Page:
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Wings Over Wick
A Connelly, Blairgowrie, Perthshire
I was stationed at Castletown in 1940/41 (not in Wick) and although we spent most of our time off in Wick the fact that there were no licensed premises in the town did not make the town widely popular. There was a NAAFI in town where servicemen could get a drink but my memory was that it opened only in the evening. Local legend had it that drink was served in practically every shop in town. I never had the opportunity to test the truth of the legend.
Castletown was a small village with a shop where tea could be obtained. It also had a Church of Scotland Canteen run by volunteer ladies and was a very popular place.
Here the RAF was reforming fighter squadrons, which had been severely mauled in the Battle of Britain in the south. When I was there, Numbers 1 and 3 squadrons were reforming with new pilots on Hurricanes and Spitfires.
At Castletown I was employed as a base wireless operator and our headquarters were in what had previously been the local Masonic Lodge. The building had no electricity but we had our own generation equipment for the operations room and radio services. Incidentally the call-sign which identified the station was "SINCLAIR-SINCLAIR". This was the name of the Sinclair family on whose land we were. Sir Archibald Sinclair was Secretary of State for Air and MP for Caithness at that time. The pilots who were under training were housed in a Sinclair residence - the "White House".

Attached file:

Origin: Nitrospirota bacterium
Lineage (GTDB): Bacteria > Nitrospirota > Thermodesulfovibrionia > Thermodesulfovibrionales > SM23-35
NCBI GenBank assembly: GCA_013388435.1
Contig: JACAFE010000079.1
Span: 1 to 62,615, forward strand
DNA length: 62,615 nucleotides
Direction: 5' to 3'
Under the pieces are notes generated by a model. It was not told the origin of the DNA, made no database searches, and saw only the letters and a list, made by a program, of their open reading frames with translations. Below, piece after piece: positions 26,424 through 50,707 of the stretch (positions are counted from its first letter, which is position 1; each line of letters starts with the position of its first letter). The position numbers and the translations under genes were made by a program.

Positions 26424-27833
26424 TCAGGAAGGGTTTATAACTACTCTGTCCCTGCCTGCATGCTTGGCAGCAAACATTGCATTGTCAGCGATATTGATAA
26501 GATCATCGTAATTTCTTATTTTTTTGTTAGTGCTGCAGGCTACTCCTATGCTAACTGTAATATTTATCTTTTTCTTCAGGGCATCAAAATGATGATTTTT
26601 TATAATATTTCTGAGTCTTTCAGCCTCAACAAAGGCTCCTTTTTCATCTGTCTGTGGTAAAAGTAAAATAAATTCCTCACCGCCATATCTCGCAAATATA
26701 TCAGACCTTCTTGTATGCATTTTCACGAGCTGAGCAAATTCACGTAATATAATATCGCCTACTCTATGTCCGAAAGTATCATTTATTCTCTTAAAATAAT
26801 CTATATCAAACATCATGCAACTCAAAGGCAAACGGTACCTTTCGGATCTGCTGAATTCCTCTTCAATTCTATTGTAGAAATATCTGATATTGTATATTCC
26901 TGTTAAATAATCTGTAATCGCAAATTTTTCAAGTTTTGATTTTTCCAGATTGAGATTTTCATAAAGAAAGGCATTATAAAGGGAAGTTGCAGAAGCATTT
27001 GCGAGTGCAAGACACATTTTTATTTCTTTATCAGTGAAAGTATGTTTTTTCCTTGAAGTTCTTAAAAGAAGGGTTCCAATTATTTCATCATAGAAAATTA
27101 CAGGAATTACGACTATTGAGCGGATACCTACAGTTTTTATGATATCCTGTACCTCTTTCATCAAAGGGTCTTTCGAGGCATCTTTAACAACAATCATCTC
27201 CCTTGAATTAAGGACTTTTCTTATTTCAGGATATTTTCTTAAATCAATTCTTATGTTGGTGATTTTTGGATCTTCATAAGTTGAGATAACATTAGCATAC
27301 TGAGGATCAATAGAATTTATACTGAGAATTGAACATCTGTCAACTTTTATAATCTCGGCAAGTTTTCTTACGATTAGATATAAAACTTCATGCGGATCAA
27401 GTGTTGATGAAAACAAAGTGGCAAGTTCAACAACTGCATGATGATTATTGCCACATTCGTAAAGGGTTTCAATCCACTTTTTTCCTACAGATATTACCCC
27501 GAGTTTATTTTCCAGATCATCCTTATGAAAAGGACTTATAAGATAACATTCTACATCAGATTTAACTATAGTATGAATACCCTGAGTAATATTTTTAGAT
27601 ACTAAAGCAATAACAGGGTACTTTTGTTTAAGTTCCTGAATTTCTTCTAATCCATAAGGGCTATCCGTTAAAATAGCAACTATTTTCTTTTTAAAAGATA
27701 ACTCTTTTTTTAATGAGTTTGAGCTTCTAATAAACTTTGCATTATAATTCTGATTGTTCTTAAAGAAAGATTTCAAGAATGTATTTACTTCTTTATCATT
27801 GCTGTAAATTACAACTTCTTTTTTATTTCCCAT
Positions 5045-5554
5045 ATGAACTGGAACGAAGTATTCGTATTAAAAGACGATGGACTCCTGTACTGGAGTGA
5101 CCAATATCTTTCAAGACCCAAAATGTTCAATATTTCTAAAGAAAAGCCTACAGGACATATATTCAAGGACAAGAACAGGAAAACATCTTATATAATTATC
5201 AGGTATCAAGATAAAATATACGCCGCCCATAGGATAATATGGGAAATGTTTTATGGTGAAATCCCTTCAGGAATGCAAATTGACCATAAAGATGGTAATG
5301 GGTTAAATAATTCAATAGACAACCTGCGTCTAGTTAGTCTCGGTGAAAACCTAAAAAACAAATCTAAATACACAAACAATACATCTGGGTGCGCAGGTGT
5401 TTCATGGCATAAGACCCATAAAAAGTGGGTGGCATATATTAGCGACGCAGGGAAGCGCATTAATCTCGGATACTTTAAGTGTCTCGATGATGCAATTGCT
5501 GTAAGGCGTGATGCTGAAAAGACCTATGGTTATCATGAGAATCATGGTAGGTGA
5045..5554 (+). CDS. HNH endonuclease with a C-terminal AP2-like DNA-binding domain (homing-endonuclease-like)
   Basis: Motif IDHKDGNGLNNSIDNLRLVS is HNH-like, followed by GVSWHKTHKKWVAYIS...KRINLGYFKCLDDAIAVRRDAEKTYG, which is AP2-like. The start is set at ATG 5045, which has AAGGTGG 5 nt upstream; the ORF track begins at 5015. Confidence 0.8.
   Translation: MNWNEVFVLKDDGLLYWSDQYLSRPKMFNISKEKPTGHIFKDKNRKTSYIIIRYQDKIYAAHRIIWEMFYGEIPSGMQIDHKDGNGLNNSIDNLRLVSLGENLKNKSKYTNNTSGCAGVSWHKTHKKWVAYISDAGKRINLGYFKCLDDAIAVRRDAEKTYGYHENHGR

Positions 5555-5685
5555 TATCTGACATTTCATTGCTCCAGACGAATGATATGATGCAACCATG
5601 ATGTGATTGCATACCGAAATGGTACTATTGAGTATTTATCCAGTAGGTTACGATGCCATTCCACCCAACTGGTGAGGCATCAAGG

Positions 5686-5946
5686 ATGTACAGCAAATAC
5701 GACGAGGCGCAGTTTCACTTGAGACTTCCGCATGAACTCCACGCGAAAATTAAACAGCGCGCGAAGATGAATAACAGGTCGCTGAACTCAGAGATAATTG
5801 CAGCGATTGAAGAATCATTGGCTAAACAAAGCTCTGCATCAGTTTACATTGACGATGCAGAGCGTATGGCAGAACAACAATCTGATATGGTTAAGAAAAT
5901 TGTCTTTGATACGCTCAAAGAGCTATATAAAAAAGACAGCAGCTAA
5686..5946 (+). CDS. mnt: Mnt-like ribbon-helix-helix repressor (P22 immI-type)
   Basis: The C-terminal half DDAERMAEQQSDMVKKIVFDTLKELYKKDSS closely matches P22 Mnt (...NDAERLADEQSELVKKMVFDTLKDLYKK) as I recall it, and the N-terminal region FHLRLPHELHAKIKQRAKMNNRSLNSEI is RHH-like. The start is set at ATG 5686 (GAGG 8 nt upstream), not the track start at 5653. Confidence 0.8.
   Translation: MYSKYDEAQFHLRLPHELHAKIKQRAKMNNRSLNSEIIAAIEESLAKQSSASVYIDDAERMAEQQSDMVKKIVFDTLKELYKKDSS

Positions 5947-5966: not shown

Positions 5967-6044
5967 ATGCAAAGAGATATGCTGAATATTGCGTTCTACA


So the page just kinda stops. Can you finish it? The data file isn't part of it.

Wick was mainly a Coastal Command Station and flying aircraft such as Hampdens. Later, however,Lockheed Hudsons took over the role of anti-submarine work and strikes against enemy shipping to the north and east of Wick. By this time I was flying in Hudsons with 500 squadron from Stornoway and our sister squadron No 48 was operating very successfully from Wick.
My main memories are of the long summer days, which made up for anything winter brought.